Brandon’s story by Kimberly Callaway

March 1996 – Brandon Ulmer (who is the son of Tad Ulmer – my fiancé) was involved in a horrific accident which changed his life and those who love him. Brandon, 15 ˝ had the world at his fingertips – an honor roll student, actively involved in the high school theater department, carefree and full of life. In one split second, this horrendous accident became the worst nightmare any person can imagine. Below are pieces from Brandon’s medical records received from the hospital.

DIAGNOSIS:  Multiple trauma.


This is a 15-year-old male who was the driver involved in a motor vehicle accident from which he required prolonged extrication. He was brought in with the ambulance personnel bagging him for ventilation and he was in obviously severe hypovolemic shock upon arrival with remarkable embarrassed respirations, although he was not cyanotic. He was totally unconscious. There was a flail right arm. There was blood from the meatus – the abdomen was obviously distended closed by plastic bag technique. There was blood coming out of his mouth. He was taken to the operating room and underwent a splenectomy. He developed significant cerebral edema requiring pressure monitoring. 

An EEG was done. Note worthy was the absence of any posterior dominant alpha rhythm and the presence of diffuse theta/delta slowing of the background activity (approximately 30-70 microvolts in amplitude). There was minimal, if any, reactivity to painful stimulation. There was evidence of a sleep-wake cycle. This patient presents with typical finding of a chronic vegetative state. This carries a poor prognosis for significant neurological recovery. As explained to the family, there has been no interaction with his environment which is typical of a vegetative state. He does not fix and follow. He does not follow commands. The movements demonstrated are simply reflexes of a pathological nature. The family has been encouraged to talk as a family and discuss Brandon’s wishes and to discuss as a family, as well, what they consider a quality of life.  

To discuss the fate of your child is a very heart wrenching, terrible thing to have to do. Needless to say, Brandon’s mother and father would not give up on him. Brandon, whose soul had a strong will to live along with the incredible love his parents have for him would see him through his next 5 years of what can only be considered as a living hell. Brandon was moved from the hospital to a nursing home, which a psychiatrist stated is no where for a young man to live as it is a place where our elder’s go to die.  

His father would visit him on a daily basis from 3-4 hours daily as would his mother. Brandon would leave the nursing home on Saturday’s and go home with his dad and then on Sunday’s going home with his mom. Keep in mind, this continued for 5 years! Brandon’s parents were racked with grief each and every time they left Brandon to go home. Brandon was very bitter and unhappy with his living arrangements in the nursing home where his only friends were his caregivers and roommates who were 90+ years of age.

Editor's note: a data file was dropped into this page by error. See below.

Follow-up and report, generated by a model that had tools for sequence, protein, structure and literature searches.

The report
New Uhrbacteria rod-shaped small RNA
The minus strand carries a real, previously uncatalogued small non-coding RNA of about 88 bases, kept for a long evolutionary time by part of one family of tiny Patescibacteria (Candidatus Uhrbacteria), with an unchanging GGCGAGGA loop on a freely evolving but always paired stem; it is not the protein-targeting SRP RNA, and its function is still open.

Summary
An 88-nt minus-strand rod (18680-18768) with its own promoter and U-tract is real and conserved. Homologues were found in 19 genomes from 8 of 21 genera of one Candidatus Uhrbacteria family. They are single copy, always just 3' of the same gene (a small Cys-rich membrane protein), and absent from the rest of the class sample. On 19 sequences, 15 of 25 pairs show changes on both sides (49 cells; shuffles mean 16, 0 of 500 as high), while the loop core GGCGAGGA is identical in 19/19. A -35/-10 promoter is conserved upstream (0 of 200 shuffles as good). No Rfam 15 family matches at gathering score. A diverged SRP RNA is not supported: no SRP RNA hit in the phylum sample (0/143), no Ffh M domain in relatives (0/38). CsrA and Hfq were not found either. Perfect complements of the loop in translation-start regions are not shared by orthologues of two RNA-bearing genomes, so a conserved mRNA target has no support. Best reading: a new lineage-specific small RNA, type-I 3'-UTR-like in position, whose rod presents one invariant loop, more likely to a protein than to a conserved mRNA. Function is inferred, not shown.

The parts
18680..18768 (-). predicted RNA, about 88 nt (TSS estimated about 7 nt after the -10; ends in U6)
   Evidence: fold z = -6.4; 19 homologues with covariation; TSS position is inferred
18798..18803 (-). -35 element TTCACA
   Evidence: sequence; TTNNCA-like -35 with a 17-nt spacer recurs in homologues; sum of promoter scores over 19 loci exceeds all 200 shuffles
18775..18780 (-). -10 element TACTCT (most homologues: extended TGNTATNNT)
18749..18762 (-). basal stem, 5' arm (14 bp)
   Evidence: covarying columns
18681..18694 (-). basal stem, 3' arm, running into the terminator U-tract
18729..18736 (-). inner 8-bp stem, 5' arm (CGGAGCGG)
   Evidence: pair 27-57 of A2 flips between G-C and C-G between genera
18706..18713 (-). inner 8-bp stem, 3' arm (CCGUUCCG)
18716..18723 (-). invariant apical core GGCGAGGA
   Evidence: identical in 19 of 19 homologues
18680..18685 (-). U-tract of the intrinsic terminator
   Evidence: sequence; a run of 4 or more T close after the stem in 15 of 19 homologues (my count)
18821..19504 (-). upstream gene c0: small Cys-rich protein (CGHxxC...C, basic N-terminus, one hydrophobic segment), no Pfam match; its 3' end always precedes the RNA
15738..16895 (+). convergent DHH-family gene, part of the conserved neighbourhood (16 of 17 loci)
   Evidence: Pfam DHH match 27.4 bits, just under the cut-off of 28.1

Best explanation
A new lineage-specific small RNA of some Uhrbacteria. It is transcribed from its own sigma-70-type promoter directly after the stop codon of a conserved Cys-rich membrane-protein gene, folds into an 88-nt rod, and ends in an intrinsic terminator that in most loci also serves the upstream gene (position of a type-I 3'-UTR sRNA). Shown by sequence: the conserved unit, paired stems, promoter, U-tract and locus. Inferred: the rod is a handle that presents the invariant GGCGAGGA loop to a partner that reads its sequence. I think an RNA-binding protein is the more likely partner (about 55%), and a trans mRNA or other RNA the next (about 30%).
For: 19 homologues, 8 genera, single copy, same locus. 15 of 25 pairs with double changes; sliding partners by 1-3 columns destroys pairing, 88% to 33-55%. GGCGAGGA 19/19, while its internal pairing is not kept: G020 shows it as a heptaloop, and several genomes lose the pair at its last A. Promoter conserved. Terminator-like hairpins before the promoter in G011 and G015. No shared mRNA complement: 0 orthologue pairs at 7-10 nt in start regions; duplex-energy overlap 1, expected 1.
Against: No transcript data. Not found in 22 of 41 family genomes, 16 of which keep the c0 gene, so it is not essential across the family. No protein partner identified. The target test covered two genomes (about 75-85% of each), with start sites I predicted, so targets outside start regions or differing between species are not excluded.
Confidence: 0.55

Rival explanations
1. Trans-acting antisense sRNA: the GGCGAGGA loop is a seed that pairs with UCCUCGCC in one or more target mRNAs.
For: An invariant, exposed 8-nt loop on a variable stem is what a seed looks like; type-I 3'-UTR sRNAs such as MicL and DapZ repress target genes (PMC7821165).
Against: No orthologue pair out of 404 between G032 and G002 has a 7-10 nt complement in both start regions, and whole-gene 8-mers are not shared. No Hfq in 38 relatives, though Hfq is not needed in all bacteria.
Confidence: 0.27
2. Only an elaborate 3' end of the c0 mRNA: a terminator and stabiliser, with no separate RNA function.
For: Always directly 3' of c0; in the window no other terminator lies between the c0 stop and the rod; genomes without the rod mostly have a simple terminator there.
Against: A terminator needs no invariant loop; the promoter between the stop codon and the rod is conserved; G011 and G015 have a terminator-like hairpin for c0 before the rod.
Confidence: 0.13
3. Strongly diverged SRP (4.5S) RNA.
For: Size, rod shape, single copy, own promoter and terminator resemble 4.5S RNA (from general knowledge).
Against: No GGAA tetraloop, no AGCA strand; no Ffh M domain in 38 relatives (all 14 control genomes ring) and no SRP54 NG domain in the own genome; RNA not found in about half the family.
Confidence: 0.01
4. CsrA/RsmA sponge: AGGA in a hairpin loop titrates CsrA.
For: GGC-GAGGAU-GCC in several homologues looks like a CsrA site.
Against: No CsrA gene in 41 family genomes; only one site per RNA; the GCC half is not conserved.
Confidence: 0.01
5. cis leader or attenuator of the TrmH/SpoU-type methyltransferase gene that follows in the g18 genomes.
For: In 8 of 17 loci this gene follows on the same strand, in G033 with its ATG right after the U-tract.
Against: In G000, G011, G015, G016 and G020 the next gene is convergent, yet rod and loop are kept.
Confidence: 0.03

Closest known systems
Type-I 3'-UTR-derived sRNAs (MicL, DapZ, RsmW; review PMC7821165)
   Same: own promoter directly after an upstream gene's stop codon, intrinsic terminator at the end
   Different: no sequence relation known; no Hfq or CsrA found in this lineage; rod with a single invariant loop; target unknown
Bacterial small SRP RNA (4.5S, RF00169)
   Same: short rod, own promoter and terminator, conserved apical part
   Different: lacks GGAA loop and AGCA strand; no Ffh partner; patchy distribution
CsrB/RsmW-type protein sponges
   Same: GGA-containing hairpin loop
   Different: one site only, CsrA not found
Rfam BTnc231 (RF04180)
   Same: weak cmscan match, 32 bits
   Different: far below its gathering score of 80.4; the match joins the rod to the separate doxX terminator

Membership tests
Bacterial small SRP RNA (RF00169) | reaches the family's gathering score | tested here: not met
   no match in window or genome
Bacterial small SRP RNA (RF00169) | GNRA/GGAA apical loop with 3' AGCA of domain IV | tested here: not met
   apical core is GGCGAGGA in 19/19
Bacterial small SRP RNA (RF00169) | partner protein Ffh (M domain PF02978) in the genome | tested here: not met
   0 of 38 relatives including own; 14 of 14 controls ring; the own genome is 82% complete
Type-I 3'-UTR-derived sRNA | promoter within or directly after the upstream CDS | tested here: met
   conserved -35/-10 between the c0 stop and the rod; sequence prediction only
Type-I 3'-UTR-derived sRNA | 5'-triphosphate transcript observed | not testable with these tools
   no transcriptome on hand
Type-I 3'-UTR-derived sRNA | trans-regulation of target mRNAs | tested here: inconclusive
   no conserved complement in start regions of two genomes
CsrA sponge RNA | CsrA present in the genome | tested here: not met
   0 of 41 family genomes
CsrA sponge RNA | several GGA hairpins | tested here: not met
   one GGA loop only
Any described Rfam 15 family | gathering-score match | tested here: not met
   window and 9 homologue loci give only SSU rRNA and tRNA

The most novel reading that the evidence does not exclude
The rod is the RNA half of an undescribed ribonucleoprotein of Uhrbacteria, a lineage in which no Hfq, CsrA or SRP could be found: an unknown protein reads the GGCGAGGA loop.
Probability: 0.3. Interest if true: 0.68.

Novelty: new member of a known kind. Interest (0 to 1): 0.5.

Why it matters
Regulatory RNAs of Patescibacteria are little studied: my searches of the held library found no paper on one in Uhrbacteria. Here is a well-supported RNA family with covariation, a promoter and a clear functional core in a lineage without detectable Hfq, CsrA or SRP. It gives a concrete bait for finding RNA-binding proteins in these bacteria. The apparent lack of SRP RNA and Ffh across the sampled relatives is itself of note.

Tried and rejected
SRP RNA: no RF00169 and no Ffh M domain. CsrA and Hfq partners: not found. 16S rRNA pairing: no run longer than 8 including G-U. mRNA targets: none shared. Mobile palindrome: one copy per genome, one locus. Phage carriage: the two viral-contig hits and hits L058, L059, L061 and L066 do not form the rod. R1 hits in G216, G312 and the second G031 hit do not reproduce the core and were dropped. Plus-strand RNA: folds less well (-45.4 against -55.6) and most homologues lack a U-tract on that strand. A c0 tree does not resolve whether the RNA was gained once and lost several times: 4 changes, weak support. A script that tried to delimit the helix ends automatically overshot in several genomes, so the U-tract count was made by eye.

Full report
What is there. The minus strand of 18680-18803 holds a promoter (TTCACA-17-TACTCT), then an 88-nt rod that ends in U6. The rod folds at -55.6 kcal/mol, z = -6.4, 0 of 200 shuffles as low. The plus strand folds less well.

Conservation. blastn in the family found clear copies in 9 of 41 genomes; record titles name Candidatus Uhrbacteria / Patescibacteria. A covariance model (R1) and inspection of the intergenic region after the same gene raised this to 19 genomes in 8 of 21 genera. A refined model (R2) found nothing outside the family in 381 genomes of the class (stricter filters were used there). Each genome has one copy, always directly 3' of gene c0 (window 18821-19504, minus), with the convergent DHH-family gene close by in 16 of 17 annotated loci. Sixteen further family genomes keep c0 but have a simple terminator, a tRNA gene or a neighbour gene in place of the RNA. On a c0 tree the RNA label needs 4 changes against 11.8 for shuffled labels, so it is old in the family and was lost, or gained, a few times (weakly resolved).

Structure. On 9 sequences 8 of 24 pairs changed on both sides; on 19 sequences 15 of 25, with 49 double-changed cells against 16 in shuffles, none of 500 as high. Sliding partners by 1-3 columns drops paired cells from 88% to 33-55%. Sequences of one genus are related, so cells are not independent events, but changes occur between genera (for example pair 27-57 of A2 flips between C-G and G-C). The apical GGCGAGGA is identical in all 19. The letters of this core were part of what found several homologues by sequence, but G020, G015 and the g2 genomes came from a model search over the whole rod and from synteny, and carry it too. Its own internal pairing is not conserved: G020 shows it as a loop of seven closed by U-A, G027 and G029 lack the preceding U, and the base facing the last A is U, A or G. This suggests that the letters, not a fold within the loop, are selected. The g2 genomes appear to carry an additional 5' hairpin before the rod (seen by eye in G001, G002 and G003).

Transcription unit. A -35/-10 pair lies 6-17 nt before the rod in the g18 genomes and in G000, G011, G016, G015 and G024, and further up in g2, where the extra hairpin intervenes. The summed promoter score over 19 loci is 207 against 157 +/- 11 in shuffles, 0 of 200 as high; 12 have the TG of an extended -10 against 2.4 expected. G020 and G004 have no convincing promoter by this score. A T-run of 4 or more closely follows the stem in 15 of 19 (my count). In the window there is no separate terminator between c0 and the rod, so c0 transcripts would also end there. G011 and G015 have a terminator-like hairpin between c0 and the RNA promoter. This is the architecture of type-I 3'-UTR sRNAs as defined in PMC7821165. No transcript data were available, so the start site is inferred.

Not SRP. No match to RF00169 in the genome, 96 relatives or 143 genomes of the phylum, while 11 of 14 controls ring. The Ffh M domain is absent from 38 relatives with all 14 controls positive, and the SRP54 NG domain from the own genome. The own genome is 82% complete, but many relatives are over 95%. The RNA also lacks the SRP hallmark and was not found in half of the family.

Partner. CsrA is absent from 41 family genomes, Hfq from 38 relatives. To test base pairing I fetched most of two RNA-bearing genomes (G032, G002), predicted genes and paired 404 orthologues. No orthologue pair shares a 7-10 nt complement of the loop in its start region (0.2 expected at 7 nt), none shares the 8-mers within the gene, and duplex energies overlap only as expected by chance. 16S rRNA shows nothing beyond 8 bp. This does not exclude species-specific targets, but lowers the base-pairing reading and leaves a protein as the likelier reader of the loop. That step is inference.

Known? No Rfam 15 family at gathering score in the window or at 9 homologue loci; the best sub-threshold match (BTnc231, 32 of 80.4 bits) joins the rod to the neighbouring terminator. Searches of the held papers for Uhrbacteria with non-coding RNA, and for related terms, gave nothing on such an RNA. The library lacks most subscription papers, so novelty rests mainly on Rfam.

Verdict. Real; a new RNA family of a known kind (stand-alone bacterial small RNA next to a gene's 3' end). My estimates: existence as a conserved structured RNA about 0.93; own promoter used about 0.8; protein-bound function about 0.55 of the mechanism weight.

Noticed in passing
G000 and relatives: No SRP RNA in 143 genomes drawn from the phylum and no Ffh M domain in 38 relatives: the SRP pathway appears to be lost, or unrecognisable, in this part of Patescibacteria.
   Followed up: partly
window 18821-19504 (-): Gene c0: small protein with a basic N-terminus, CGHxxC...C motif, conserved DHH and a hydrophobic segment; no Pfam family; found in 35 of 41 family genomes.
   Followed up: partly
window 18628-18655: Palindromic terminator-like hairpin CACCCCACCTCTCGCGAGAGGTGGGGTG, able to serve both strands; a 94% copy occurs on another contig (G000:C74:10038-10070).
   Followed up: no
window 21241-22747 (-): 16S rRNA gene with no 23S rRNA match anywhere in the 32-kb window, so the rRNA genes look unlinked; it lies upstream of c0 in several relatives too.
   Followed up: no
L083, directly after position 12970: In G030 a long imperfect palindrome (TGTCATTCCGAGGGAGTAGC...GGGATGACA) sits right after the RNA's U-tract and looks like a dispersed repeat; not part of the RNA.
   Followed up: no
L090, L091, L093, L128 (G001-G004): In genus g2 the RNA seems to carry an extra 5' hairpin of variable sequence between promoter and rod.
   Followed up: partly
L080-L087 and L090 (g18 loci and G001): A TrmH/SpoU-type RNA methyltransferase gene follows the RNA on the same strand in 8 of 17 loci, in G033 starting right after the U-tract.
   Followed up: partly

Due to his injuries, Brandon’s motor skills on the left side of his body no longer cooperated therefore being in a wheelchair in addition to no longer talking, he was at the mercy of his caregivers to take him places rather than be captive in his room lying in bed. His parents tried on several occasions to get Brandon into an electric wheelchair which the Nursing Home would not allow, as they felt he would be an endangerment to the other residents in the nursing home. Tad even offered to purchase a remote for the nursing station to hold - where they could control his every movement if need be but they would not budge on their decision. It was visible that Brandon was not making progress towards his road to recovery, so Tad made the decision to renovate his house to be handicap accessible and bring his son back home where he belongs. Once this decision was made, Brandon was put into his electric wheelchair which was the stepping stone for his courage’s battle ahead of him.

 Tad was able to receive 24 hour in home care, which along with the comfort of his own home and love from his family gave Brandon the strength and inspiration needed to prove - that yes - his life was worth saving. Brandon still has a long road ahead of him, but to be diagnosed at one time as living a life in a vegetated state to what he’s accomplished to date is so incredible, how can you not believe in the power of God, love, and the will to survive?  Brandon is so happy and content now that he is at home - his progress has been remarkable. Brandon now eats solid foods where at one time a feeding tube was his only source for receiving fluids/nutrients/medication. He communicates with his family by writing on a dry erase board, shows emotions accordingly and brings such joy to all who are fortunate enough to meet him. Slowly but surely, one day he again will have his life’s dreams at his fingertips!

 Please do not take away any future opportunities for him to live his life as he did before 1996

CHN wishes to thank Kimberly Callaway for her letters to CHN and sending us the photos to share with you our visitors.  We encourage all media to contact us if you wish to talk with the family and we will forward the information. 


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